Practically every aspect of human activities have to the mind/brain: art, literature, aesthetics, ethics, history, politics, business, education, social organizations, etc. all are product of the lump north of the neck, so why aren’t all of these part of the COGS program?
That’s a very good question. In answering it, we can highlight the nature of cognitive science as a field, and the principles by which our COGS curriculum is constructed.
Cognitive science reflects the natural progression of the scientific method, which has found tremendous success in the natural sciences–and its application to the mind. Modern science is founded on the commitment that the world has a mechanistic basis that can be understood as such. Why do objects in the air fall back to the ground? The pre-scientific answer would be that the ground is the “natural” place for objects. There is nothing mechanical about this explanation, not to mention that it is wrong: just observe the dust particles bouncing around in the sunlight while suspended in the air, as noted by the ancient Greeks (who got a lot of things right).
The founders of modern science also wondered about the nature of the mind. Galileo, for instance, marveled at human language, which permits us to construct “from 25 or 30 sounds an infinite variety of expressions, which although not having any resemblance in themselves to that which passes through our minds, nevertheless do not fail to reveal all of the secrets of the mind, and to make intelligible to others who cannot penetrate into the mind all that we conceive and all of the diverse movements of our souls.” These observations are very much the core problem for modern linguistics and cognitive science of language. Descartes developed a theory of vision: Light rays reflected on objects are focused by the lenses on the retinas, and tools from trigonometry for the purpose of distance estimation based on the retinal images. While he got a lot of the details wrong, his general approach is very similar to the modern theory of perception, and is still of enduring interest to the historians and philosophers of science.
A mechanical view of science requires a precise formal “language” to formulate scientific hypotheses from which (non-trivial) consequences can be derived and tested, which may in turn lead to revisions of the hypotheses so we can make progress. This should be familiar to everyone who has taken high school science. In some cases, the formal language had to be invented in order to understand nature: for example, Newton and Leibniz invented calculus to formulate theories of mechanics. In other cases, the formal language had been around all along but the right scientist had to come along to put the pieces together. While Darwin famously proposed the theory of evolution by natural selection, it was not until the early half of the 20th century did mathematicians and biologists figure out a way–actually very simple mathematics–to lay a formal foundation of the theory of evolution. (The delay was also caused by the ignorance of the genetic basis of inheritance and transmission: Mendel did his work at roughly the same time as Darwin but it was forgotten and only rediscovered in the early 1900s.) Closer to home, the initiation and transmission of the action potentials of the neuron are described as mathematical equations like those in the theory of electrical conductance.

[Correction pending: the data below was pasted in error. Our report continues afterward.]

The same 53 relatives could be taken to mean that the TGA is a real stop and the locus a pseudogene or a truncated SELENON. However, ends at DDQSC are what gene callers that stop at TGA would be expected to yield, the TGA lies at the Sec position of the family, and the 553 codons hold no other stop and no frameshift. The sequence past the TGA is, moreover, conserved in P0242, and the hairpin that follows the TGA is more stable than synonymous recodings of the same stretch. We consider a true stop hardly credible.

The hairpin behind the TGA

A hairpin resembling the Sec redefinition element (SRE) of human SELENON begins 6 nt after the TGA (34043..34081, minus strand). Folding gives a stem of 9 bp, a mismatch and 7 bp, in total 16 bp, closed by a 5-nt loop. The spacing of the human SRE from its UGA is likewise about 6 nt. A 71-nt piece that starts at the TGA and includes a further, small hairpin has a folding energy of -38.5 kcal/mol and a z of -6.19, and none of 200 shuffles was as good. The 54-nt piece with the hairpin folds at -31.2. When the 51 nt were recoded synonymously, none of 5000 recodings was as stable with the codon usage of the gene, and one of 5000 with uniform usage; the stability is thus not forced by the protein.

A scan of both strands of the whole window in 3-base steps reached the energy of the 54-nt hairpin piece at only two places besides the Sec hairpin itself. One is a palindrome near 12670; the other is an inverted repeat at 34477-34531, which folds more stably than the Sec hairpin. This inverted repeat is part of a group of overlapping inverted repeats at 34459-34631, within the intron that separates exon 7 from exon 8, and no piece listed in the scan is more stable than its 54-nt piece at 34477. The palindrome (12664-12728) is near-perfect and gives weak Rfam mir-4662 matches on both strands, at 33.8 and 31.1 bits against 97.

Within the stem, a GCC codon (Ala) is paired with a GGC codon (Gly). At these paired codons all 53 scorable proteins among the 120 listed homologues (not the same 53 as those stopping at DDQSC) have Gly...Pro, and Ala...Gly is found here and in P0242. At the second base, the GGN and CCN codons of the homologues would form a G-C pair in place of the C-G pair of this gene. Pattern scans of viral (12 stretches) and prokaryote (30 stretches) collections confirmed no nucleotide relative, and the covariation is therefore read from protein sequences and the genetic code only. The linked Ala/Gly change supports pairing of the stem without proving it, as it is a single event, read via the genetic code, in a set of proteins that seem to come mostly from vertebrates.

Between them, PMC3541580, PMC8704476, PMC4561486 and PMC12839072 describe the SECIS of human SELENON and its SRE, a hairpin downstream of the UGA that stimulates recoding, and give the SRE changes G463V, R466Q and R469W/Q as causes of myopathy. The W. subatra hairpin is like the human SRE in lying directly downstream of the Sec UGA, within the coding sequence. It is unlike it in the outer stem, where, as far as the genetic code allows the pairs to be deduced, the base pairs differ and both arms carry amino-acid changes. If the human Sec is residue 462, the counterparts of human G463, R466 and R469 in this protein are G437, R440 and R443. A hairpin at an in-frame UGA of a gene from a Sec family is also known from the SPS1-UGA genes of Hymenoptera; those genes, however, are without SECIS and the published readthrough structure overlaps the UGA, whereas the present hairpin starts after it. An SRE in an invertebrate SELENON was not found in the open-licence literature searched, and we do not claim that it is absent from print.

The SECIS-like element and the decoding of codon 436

For the study of the mind to be a genuine science, we had to wait for the right formal language to come along. That turns out to be the modern theory of computation, which emerged as a branch of mathematics, logic, and philosophy. Computer Science as a field came into existence shortly afterwards, with Penn playing a leading role. It was no accident that linguistics and psychology underwent a revolution, the so-called Cognitive Revolution at roughly the same time, and Artificial Intelligence popped up in the intersection of these fields.
The computational theory of the mind is a research program in which the mechanical basis of the mind is understood and modeled as a computer program. Some objections notwithstanding, it has proven to be enormously successful, so much that we can define cognitive science as theories of the mind that can be in principle be implemented on a computer. The requirement of in-principle-implementation forces us to develop theories in a rigorous and, again, mechanistic, way: a computer tolerates no ambiguity. Indeed, the most successful theories in cognitive science have been implemented: language, vision, learning, memory, etc., and you use these implementations everyday on your smartphone. The topics and classes in our program reflect this general principle: If it can be implemented on a computer from which no trivial consequences follow, then it is Cognitive Science. With luck although without guarantee, other areas of the mind may someday reach the level of mechanistic explanations, and our program will expand.
It should also be noted that our program focuses on the descriptive aspect of the mind–how it works–and not the prescriptive aspect of mind–how it should work, so that people are healthier, happier, make better decisions, etc. These two aspects are obviously related but they are not the same and are in fact frequently out of sync. For instance, medicine may discover a drug that alleviates some symptoms of a mental disorder, which is obviously a good thing for the patient, without understanding the mechanistic basis of that mental disorder. Again, this is not unusual in the history of sciences, where practice is ahead of theory: someday theory may catch up.